As April 18th fades to memory many Americans find themselves face-to-face with an uncomfortable reality: owing they are unable to pay.  Some did not have enough withheld from their paychecks.  Others didn’t realize how much of their social security would be taxable.  Many are business owners stuck in the cash-poor mire of a reboundless recession.

Regardless of the reason they owe back taxes, all face a common dilemma that includes the prospect of interest, penalties, and the vast collective resources of the federal government.  So many find themselves in this untenable position that I have decided to devote next few columns to discussing IRS collection procedures and the options available to taxpayers facing them.  Today I’ll begin this discussion by focusing on the interest and penalties the IRS imposes on unpaid taxes and some circumstances under which these assessments can be removed.

The IRS adds interest to past-due balances on a daily basis.  The interest rate used is determined every three months and is benchmarked by adding 3% to the federal short-term interest rate.  The IRS interest rate was 4% from the first quarter of 2009 through 2010. It was reduced to 3% for the first three months of 2011.

The IRS also imposes two penalties on past due individual return balances.  The first is the late-payment penalty.  The late-payment penalty is one-half of one percent (0.5%) of the outstanding tax balance and is assessed each month or part of a month taxes remain unpaid up to 25% of the unpaid tax.  The late-payment penalty increases to one percent (1%) if taxes remain unpaid ten days after a Notice of Intent to Levy (a notice that the IRS plans to take property to satisfy a tax obligations) is filed.  The penalty is reduced to one quarter of one percent (0.25%) if the original return was filed by the due date and an installment agreement has been established.

The second penalty is the late-filing penalty.  The late-filing penalty is equal to five percent (5%) of any unpaid tax.  It is assessed each month or part of a month a return is not filed passed the due date up to 25% of the unpaid balance (five months).  If a return is over 60 days late the minimum penalty is $135 or the tax due, whichever is smaller.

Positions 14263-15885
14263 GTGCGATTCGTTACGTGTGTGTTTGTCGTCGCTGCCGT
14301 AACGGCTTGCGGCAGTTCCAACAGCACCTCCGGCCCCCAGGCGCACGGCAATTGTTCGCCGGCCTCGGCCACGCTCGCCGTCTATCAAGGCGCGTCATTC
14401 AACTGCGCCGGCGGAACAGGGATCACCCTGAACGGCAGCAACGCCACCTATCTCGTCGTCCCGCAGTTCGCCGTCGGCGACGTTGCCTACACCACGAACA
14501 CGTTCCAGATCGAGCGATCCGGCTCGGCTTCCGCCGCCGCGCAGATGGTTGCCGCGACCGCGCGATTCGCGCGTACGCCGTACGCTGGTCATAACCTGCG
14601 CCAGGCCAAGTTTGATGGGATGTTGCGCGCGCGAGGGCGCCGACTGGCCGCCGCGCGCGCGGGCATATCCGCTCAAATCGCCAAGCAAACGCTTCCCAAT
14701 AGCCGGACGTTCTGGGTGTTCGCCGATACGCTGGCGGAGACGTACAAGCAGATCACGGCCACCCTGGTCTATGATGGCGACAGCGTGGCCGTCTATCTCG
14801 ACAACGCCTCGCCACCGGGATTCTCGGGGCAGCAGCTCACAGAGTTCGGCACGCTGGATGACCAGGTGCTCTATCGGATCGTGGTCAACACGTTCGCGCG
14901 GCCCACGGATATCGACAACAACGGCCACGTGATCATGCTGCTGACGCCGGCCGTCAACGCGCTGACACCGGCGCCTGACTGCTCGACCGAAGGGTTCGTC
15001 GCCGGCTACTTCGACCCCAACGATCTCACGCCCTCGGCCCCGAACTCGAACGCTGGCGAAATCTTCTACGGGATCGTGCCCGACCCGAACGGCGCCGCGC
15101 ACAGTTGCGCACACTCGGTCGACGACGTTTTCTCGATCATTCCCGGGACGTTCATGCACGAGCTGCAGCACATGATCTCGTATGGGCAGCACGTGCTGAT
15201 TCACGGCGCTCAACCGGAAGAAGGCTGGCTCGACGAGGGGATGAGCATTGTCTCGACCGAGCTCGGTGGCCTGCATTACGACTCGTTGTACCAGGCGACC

There are a number of circumstances under which interest and penalty should not be assessed by the IRS.  Unfortunately, however, these assessments are added automatically making it the responsibility of the taxpayer (or their representative) to petition the IRS for their removal.  Interest is the most difficult assessment to have removed and is generally only abated is the result of: 1) An IRS administrative delay, 2) It was assessed on a balance due caused by an erroneous, IRS generated refund, or 3) It was assessed during a period in which an extension was allowed due to a region being a presidentially declared disaster area.

The IRS may remove late-filing and late-payment penalties if the failure to file or pay was due to “reasonable cause,” not intentional neglect.  What is deemed “reasonable cause,” however is quite limited and can include: 1) Destruction of the taxpayer’s home or business, 2) The taxpayer being absent from their “tax home” for reasons beyond their control, or 3) The death or illness of the taxpayer or an immediate family member.

To qualify for the removal of late-payment penalties a taxpayer must show that paying the penalties would cause severe financial distress.  They must also show that they were financially prudent before the due date of their return and that an unexpected event occurred that rendered them unable to pay their tax obligations.

In this article we have discussed the interest and penalties the IRS will add to unpaid individual taxes and a few reasons the IRS may consider their removal.  In future columns we will discuss the IRS collection process, various options available to pay past due balances and rare instances in which the IRS may accept less than the total tax due.  In the mean time, please feel free to contact our office if you have any questions or need assistance with your taxes.

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